Some would prefer to ride waves, and some create theirs. Personally, I’ve had my share of falling into pressure based on what people “thought” I should sound like or how I should carry myself. In the end, I chose to be real by expressing my own experiences – a story that is mine to keep. And a bonus is if that shit ends up giving me and my friends that ‘stank-face’ every time we hear a lick or if it makes us get up and groove too… then fuck it, I’m good with that! Like the great Sade said, “You can talk about stuff and sing about stuff but if you don’t live it in the end then it’s all fake.”

HipHopCanada: For most, I feel like a first project, whether it’s an EP or album, really ends up being a means to identify yourself to your audience. What did you want to say, or maybe establish, with Muse? 

Raiel: Like I said before, Muse was an open letter. I was never great at expressing vulnerability in person so I did it in a way where people would understand where I was, emotionally, in a deeper and less convoluted way. But I guess what I wanted to show was that I’m simply human – that I’m not afraid to say what’s up when I feel it and not be apologetic about my emotions. ‘ Cause let’s be real, it ain’t always about the flex or showing you don’t give a fuck, or sleeping with the baddest bitches or having money, smoking dope…that shit’s way too over-saturated. I want to be able to answer the question “Who are you, really?” if that ever arises. I went through something real fam, here it is, and that’s what I’m about.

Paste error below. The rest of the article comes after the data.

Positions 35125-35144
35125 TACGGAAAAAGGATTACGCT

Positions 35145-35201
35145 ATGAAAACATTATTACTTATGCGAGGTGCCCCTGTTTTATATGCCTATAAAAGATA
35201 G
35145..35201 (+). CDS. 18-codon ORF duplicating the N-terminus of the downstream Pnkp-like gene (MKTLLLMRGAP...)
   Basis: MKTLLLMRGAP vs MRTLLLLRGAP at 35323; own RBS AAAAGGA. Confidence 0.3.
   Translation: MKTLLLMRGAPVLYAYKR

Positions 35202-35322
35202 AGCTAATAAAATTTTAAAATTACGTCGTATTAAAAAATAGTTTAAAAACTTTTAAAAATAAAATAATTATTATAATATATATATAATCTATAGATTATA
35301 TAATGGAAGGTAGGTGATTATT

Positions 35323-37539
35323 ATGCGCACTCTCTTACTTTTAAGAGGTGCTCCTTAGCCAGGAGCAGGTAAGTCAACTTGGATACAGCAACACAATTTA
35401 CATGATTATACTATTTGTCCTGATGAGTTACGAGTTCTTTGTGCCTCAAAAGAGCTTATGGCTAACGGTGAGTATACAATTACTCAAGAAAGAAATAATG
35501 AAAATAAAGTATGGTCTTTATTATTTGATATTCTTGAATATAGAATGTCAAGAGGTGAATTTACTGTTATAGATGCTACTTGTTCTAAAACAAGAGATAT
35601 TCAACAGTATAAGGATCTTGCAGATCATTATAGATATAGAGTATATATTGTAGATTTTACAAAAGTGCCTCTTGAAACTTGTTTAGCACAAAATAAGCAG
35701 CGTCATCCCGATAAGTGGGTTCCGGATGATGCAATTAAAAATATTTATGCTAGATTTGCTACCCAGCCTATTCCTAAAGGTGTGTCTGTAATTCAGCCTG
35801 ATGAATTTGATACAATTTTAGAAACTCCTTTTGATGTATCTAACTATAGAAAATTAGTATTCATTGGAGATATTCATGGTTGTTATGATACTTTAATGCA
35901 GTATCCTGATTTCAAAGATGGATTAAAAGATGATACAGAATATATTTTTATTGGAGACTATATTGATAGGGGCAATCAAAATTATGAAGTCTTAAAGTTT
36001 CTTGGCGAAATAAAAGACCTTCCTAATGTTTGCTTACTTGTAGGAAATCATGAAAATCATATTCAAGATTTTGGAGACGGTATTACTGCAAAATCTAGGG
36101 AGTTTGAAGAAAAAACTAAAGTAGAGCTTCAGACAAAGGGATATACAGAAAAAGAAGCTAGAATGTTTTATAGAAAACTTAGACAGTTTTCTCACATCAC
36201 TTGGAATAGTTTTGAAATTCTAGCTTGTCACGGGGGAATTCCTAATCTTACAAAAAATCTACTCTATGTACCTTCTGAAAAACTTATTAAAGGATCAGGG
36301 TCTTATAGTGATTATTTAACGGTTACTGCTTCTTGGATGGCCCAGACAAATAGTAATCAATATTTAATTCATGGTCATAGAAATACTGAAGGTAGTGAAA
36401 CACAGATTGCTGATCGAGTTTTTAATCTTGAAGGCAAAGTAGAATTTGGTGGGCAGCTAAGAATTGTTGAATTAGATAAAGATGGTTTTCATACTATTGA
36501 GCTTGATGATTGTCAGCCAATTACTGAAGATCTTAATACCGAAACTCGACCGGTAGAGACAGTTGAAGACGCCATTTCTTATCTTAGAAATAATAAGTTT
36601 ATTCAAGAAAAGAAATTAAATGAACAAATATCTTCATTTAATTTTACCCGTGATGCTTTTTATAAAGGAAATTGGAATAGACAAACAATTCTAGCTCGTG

HipHopCanada: Without giving too much away about what you’re currently working on, have your goals as an artist changed from what they initially were when you started making music?

Raiel: Well I’ve always had particular goals that never changed, and one of them is ‘knowing myself’. I want to make sure that I continue being ‘me’ throughout this journey; nothing fabricated. I want to be able to inspire in every aspect, may it be through my music or just who I am not as Raiel.

But you know I do admit, I used to be naive when I was a lot younger. I used to depend on others for my success, took hard work for granted and never had a patient bone in my body. I used to surround myself with groups of people who were absolute poison and cared about fuck-all. Overtime, I simply grew tired of it. Isolated myself, and worked on my craft and on self-acceptance like being comfortable with showing my vulnerability and accepting my flaws. Since then, everything was replaced with blessings on blessings on blessings in the form of fruitful events, and people that I now would die for. So, let me put it this way: “New Year, New Music, Same goal & Same damn self.”